Some of the group from the Catholic Worker Farm at Tivoli had driven down in two cars with fifty loaves of homemade bread, and St. Joseph’s House of Hospitality on First Street baked three ten-pound boneless hams. All the guests had brought food of various kinds. No need to worry about having too much left over because the Farm Workers now have an old brownstone house on West 84th Street to put up those who come to picket, to help in the campaign to boycott the A&P and other stores where iceberg lettuce is being sold. Dolores Huerta, one of the vice presidents of the Union, spoke first. (1) She is the mother of eight children who sits with the agribusinessmen, the growers, in conference over contracts for better wages, decent living conditions, all the most elemental needs of man.

The first time I saw one of those huge lettuce fields was when I was visiting Ammon Hennacy (2) outside of Phoenix, Arizona, where he was working nights irrigating. The field extended as far as eye could see, and the lettuce had been sold to feed flocks of sheep since “the market price then did not make it profitable to harvest it.” Not far away from Ammon’s shack, there sat a Basque shepherd whom we went to greet. I was happy to see a rosary hanging from a support in his tent. Those farm workers who were greeted with cheers in New York had worked in such fields!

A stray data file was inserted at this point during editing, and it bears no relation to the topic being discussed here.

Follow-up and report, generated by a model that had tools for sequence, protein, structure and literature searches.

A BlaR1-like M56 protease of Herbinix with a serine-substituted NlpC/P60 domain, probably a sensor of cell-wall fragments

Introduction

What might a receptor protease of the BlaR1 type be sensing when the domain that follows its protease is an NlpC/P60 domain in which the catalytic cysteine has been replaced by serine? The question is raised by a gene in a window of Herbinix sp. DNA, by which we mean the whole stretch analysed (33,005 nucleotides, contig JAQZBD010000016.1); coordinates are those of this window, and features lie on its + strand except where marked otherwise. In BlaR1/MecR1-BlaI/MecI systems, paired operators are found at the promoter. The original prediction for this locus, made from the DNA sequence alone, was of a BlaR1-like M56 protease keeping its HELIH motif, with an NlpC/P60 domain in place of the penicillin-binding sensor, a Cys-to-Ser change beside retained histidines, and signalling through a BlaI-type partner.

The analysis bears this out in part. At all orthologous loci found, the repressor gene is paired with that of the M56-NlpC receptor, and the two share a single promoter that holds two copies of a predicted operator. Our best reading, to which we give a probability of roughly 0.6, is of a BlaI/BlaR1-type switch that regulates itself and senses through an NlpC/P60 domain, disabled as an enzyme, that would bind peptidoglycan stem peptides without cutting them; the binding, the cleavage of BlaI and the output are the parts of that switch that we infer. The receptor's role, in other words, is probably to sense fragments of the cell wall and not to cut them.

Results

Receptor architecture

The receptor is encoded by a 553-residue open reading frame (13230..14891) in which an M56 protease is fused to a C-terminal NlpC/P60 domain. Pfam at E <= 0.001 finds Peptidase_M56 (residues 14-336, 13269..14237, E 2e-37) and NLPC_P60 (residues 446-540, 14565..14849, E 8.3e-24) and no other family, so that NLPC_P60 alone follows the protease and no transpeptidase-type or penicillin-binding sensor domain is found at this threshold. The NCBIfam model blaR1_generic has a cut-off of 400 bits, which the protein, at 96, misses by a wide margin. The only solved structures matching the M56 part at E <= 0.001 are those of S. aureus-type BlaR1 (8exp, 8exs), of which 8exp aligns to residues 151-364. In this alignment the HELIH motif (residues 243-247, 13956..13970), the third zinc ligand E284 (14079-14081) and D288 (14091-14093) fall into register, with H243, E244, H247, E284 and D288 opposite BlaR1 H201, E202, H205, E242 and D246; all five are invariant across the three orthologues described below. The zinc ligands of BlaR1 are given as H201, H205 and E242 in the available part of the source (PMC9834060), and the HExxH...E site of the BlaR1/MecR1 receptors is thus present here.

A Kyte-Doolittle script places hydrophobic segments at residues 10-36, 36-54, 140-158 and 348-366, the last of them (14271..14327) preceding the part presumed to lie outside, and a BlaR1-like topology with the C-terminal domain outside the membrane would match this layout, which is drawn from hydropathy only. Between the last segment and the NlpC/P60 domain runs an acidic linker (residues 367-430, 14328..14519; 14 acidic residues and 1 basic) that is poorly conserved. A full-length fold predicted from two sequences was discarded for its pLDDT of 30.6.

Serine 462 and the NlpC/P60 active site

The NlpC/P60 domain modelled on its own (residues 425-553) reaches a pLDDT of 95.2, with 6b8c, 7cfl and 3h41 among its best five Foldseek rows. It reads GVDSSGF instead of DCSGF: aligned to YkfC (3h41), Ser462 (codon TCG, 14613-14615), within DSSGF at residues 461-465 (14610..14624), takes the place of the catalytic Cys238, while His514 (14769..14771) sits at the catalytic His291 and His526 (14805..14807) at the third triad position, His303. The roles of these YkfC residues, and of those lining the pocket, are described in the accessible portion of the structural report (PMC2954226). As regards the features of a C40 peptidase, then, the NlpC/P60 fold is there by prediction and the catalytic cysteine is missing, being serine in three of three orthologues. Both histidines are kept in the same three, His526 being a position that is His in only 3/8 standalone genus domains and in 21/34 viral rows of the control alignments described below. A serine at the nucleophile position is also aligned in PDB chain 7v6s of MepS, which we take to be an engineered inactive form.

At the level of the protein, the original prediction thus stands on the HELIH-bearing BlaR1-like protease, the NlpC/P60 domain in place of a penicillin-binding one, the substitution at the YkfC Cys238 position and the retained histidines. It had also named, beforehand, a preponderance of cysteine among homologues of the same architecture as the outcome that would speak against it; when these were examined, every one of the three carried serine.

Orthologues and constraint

When they marched into the Paulist Church hall the crowded hall resounded with song, especially that triumphant song “We Shall Overcome.” They already have overcome so much in this long continuing struggle for justice. Dolores spoke, Cesar spoke, and others, but it was briefly. It was a fiesta, after all, and everyone wanted to talk to each other.

Morning Rally, Cathedral of St. John the Divine

Bishop Paul Moore, Rabbi Robert Marx were present, as were Msgr. Charles Diviney (Vicar General of Brooklyn) and Msgr. James Murray (head of the Catholic Charities in New York) both representatives of Cardinal Cooke, who was in Australia at the Eucharistic Conference. From the Episcopal Cathedral pulpit Cesar spoke again and Coretta King, and I also, proud indeed to be representing the poor with Coretta King and Chavez. She had to speak first because she was due in Washington, D.C. to address her own people who were being betrayed by this administration.

I do not remember exactly what I said, but I spoke about those first five farm workers, Filipino and Mexican, who came five years ago and stayed with us, “taking on” the City of New York, its markets and chain stores to urge support of the grape boycott, truly a David and Goliath situation. And now they all but filled this great cathedral, they and their sympathizers. The glare of the lights used by the television people kept me from seeing this brave audience, but almost facing me, hanging across from me in the sanctuary was a painting on cloth of Our Lady of Guadalupe, Patroness of the Americas, and of the Mexican farm workers. It had been painted the day before at First Street by Mary Lathrop who had helped Ammon (God rest his soul) start the house of hospitality in Salt Lake City. Such banners have led the farm workers in their long processions and marches. One of the farm workers had taken it from Mary’s hands and hung it up now.